These efforts are well-intentioned, but facial recognition bans are the wrong way to fight against modern surveillance. Focusing on one particular identification method misconstrues the nature of the surveillance society we’re in the process of building. Ubiquitous mass surveillance is increasingly the norm. In countries like China, a surveillance infrastructure is being built by the government for social control. In countries like the United States, it’s being built by corporations in order to influence our buying behavior, and is incidentally used by the government.

    In all cases, modern mass surveillance has three broad components: identification, correlation and discrimination. Let’s take them in turn.

    Facial recognition is a technology that can be used to identify people without their knowledge or consent. It relies on the prevalence of cameras, which are becoming both more powerful and smaller, and machine learning technologies that can match the output of these cameras with images from a database of existing photos.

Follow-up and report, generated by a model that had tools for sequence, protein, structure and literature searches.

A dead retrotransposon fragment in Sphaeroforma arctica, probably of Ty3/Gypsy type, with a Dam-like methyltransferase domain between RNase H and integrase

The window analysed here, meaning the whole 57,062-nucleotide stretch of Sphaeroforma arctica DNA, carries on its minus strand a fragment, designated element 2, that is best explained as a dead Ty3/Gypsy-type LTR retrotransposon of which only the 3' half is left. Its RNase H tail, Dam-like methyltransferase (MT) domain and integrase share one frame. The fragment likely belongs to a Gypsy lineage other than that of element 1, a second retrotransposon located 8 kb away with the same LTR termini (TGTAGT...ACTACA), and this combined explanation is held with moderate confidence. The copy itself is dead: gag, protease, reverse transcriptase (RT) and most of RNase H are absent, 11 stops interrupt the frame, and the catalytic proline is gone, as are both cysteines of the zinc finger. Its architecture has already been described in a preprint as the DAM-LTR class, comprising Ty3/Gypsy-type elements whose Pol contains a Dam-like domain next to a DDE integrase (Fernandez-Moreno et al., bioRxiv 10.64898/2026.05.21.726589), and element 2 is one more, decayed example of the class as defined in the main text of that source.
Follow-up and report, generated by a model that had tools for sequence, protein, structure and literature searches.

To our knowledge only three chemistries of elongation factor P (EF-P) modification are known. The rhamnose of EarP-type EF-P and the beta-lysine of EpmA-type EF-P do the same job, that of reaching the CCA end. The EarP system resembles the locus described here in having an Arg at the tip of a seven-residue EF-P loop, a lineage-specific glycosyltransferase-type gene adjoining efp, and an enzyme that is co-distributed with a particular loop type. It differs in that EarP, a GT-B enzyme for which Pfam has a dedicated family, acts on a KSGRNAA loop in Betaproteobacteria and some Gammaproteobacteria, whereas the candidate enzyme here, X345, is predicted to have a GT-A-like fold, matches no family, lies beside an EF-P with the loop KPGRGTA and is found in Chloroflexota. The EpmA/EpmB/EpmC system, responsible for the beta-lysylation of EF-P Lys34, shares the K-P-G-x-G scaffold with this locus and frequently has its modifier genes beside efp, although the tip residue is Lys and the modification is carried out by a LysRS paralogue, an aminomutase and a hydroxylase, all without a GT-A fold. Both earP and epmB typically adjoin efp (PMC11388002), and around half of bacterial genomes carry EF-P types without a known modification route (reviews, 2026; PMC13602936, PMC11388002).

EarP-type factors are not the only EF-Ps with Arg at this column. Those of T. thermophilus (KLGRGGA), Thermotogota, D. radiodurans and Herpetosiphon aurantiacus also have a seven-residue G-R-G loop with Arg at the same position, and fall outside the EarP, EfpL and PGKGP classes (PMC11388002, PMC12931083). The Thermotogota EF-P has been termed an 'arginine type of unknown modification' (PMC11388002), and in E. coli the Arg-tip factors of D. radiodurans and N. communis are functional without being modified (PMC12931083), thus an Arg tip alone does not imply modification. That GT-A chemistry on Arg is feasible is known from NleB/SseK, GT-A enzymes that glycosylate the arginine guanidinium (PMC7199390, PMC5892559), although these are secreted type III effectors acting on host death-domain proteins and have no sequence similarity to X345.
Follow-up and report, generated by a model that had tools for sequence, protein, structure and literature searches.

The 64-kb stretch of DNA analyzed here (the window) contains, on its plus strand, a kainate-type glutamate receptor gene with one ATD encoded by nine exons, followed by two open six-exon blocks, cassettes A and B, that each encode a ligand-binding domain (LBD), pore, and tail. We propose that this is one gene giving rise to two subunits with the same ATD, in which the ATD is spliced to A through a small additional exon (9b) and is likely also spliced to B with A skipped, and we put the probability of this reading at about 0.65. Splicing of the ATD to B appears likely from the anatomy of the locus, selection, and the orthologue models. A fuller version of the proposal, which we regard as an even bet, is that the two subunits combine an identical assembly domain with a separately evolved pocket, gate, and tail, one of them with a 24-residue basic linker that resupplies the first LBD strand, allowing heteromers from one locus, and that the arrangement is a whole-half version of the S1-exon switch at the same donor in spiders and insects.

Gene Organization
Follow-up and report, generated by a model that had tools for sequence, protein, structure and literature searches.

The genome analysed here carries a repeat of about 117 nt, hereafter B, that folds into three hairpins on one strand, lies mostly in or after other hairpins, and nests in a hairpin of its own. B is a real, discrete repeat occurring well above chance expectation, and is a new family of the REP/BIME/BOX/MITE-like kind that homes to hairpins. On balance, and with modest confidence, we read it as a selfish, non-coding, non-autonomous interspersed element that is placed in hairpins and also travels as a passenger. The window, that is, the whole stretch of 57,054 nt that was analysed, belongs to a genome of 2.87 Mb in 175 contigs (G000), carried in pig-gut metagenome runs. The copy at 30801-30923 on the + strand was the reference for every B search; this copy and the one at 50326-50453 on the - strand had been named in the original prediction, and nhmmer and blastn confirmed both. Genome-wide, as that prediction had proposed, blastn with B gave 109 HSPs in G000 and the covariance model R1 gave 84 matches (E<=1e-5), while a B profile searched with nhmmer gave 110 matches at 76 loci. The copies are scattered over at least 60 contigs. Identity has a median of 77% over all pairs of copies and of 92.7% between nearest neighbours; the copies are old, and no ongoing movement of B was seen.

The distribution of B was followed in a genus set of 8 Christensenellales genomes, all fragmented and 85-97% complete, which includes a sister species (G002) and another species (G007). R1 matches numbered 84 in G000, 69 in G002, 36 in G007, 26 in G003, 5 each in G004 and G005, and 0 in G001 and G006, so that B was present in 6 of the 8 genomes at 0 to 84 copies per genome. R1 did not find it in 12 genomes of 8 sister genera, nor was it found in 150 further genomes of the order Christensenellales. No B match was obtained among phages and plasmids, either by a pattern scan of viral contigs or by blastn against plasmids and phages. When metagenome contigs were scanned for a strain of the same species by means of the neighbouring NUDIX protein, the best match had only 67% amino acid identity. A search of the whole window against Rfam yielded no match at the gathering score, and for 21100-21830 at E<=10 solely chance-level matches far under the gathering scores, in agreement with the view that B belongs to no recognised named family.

But that’s just one identification technology among many. People can be identified at a distance by their heartbeat or by their gait, using a laser-based system. Cameras are so good that they can read fingerprints and iris patterns from meters away. And even without any of these technologies, we can always be identified because our smartphones broadcast unique numbers called MAC addresses. Other things identify us as well: our phone numbers, our credit card numbers, the license plates on our cars. China, for example, uses multiple identification technologies to support its surveillance state.